One of his generation’s most popular authors, as well as one of its most popular targets for journalistic harangues (sometimes merited, most often not), Martin Amis is publishing his fifth nonfiction collection this October. Featuring essays written between 1986 and 2016, and on such topics as Saul Bellow, Princess Diana and Donald Trump, The Rub of Time sets out to prove, yet again, that Amis is just as talented a critical writer as he is a purveyor of fiction—if not more.
After The Hatred of Poetry and Essayism, publisher Fitzcarraldo’s latest extended essay on a written form is set to tackle translation. Kate Briggs, professor at the American University of Paris, uses her experience translating Roland Barthes’s lectures at the Collège de France to investigate her craft, its history and its aesthetic implications. This Little Art comes out in September.
The much-acclaimed German writer’s much-acclaimed latest novel is set to be published next month, courtesy of a translation by Susan Bernofsky. Go, Went, Gone tells the story of one Richard, a Berliner and retired classics professor, who becomes involved in the lives and fate of refugees living in a shelter in the city. A novel for our time, then.
One of the Syrian revolution’s foremost intellectual voices, Yassin al-Haj Saleh—now exiled in Istanbul—delivers an illuminating, meticulous analysis of the world’s most devastating conflict. Composed of a series of essays written between 2011 and 2015, this book is both a necessary account of the war’s origins and tragic evolution, but also a testament to its author’s intellectual reckoning of the horrors at hand. A must-read, particularly in our “progressively Syrianized world,” as he puts it.
The Norwegian literary sensation, whose acclaimed My Struggle series inspired in readers around the world a level of addiction worthy of their favorite phrase (such literary junkies), returns to the shores of English publishing with his latest project. Autumn is the first of four seasonal books to be released in quick succession, built around the premise of explaining the world—in various small snippets—to his yet unborn daughter. Each tome is translated by Ingvild Burkey and illustrated by a different artist, featuring in this case the atmospheric work of Vanessa Baird.
The Hungarian postmodern master, winner of the Man Booker International Prize in 2015, returns this November with a collection of linked short stories translated into English by a team of three: John Batki, Ottilie Mulzet and George Szirtes. Dense, philosophical and poetic—the book promises to be every bit as contemplative a beauty as his most celebrated previous publications.
Three years after the publication of her prize-winning/bestselling debut novel Everything I Never Told You, American writer Celeste Ng returns with a work once again embedded deep in Americana—and once again, at least at first, set in 1970s Ohio. Little Fires Everywhere centers around the burning of a home of a seemingly ‘normal’ family, in a town called Shaker Heights, and questions the very foundations of American suburban life. Out in September.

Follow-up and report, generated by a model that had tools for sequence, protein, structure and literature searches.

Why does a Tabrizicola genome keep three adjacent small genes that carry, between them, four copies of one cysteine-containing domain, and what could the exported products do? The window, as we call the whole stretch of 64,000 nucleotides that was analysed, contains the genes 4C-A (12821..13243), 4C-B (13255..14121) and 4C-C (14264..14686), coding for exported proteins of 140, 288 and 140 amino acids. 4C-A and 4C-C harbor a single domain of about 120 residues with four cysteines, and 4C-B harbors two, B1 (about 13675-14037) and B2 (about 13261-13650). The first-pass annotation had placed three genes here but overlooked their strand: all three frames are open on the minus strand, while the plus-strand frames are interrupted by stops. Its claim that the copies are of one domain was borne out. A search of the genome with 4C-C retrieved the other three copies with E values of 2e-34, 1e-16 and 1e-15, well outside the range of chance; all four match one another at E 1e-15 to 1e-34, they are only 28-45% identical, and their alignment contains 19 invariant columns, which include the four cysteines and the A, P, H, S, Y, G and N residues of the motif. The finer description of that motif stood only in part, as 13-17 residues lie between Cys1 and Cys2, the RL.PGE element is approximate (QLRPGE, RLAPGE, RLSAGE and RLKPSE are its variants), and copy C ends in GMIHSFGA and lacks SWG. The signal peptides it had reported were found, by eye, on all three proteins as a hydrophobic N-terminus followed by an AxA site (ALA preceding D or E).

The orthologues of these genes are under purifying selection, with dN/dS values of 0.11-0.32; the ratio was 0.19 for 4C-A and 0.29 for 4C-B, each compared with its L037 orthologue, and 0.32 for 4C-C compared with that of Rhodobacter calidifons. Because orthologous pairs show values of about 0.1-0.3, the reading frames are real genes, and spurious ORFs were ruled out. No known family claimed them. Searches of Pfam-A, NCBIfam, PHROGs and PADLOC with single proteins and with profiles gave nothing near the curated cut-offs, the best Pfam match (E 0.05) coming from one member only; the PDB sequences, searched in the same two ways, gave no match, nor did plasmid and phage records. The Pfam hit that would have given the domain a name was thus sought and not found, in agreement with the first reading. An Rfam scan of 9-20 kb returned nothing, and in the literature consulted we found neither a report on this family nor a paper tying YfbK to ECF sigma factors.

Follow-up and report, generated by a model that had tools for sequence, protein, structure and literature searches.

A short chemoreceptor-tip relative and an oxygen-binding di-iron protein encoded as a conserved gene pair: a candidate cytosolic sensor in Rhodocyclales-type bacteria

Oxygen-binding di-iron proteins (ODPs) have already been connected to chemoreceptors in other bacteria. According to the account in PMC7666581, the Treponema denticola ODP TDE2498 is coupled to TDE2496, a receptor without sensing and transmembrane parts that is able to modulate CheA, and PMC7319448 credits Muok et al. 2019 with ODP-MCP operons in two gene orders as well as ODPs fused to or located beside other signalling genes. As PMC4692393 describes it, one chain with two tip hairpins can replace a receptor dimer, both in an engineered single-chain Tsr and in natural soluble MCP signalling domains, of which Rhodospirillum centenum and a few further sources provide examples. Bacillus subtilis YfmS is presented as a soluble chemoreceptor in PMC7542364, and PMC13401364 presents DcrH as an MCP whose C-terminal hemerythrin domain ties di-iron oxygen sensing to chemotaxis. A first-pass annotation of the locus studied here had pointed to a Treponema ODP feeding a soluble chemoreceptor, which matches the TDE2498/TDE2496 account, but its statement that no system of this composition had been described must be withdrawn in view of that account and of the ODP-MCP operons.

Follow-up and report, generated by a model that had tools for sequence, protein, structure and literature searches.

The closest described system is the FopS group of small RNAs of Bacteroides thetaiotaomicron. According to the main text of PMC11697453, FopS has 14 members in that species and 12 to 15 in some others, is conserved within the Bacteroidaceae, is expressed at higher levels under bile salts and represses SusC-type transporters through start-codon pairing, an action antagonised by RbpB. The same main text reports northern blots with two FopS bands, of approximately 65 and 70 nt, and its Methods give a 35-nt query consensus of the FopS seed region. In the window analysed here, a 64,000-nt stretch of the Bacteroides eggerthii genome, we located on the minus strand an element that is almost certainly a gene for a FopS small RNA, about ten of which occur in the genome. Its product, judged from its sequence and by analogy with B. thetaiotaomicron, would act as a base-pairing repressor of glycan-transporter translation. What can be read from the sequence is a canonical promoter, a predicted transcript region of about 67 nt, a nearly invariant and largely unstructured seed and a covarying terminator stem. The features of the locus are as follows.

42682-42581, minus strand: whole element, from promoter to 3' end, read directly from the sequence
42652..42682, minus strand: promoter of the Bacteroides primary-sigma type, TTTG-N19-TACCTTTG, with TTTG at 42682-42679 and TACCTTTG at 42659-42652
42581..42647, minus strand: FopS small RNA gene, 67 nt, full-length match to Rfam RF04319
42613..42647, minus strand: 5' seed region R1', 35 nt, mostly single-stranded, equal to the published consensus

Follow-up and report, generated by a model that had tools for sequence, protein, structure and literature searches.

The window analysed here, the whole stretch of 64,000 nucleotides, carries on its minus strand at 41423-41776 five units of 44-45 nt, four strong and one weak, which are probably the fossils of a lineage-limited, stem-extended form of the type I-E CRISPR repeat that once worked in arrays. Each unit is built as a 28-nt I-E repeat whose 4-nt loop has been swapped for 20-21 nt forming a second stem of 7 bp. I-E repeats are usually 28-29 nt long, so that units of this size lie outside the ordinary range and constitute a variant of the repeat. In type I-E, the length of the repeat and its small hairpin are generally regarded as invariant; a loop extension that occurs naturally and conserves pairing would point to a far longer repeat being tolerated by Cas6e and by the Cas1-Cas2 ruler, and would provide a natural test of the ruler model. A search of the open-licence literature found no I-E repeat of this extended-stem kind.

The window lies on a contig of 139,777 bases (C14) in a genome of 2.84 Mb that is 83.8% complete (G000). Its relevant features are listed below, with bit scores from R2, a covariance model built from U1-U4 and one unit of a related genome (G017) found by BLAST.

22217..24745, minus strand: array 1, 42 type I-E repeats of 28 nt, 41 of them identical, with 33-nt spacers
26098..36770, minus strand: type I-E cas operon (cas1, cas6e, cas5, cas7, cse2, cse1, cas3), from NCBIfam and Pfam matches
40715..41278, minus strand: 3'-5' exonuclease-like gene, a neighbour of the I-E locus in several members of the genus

What’s there to say about Orhan Pamuk that hasn’t been said before? Winner of the Nobel Prize in 2006, and without doubt the most celebrated Turkish writer of his generation, he returns with a tale of murder and well digging set in a rich and vibrantly described mid-1980s Istanbul. Translated by Ekin Oklap, out late August.
That’s right: the author of the greatest young adult fiction series of the past few decades (sorry, Harry Potter) returns to his wonderful creation, 17 years after the publication of the trilogy’s last novel. This book takes place ten years before the events of His Dark Materials (and apparently also includes its main character, Lyra Belacqua) and is set in her otherworldly Oxford. Will be published in October.
After Knausgaard, Amis, Pamuk, etc… another big-hitter is to be published again this September, and it’s quite possibly the biggest of them all. Salman Rushdie, of course, needs no introduction, but his latest novel promises much: set at the height of New York society and over the past decade, it aims to offer a chronicle of its post—2008 unraveling. Out in September.
Not yet out (it’ll be published on 15 August), and already longlisted for the Man Booker Prize, Home Fire is the latest novel by the celebrated British-Pakistani writer. A retelling of Sophocles’s Antigone, it transposes the Greek original’s moralizing tragedy to modern times, and in particular to immigrant siblings in London, torn apart by love, duty and politics.
This much-hyped debut novel—adorned most notably by a blissful blurb written by one Stephen King—tells the distressing tale of a 14-year-old girl’s escape from her violently abusive father. A graphic, visceral read, My Absolute Darling is said to offer a reading experience unlike any other. Out at the end of August.
Twenty-one scholars and writers from around the world write on the social, political, and psychological impact of the 2015 Paris attacks. Analysing in particular the symbol that has become Charlie Hebdo, as well as the worrying developments that have followed it in Europe and beyond, the book aims to tackle questions of national identity, free speech, the role of traditional and social medias, as well as the fight against racism. Out in November.
Award-winning writer Jesmyn Ward returns this September with a third novel, six years after the publication of her critically-acclaimed Salvage the Bones (a period of time during which she busied herself with a memoir and a collection of essays). Set in modern, rural Mississippi, Sing, Unburied, Sing follows a fractured and troubled family as they travel across their state, and features Ward’s lyrical prose, as well as a ghost or two. Out in September.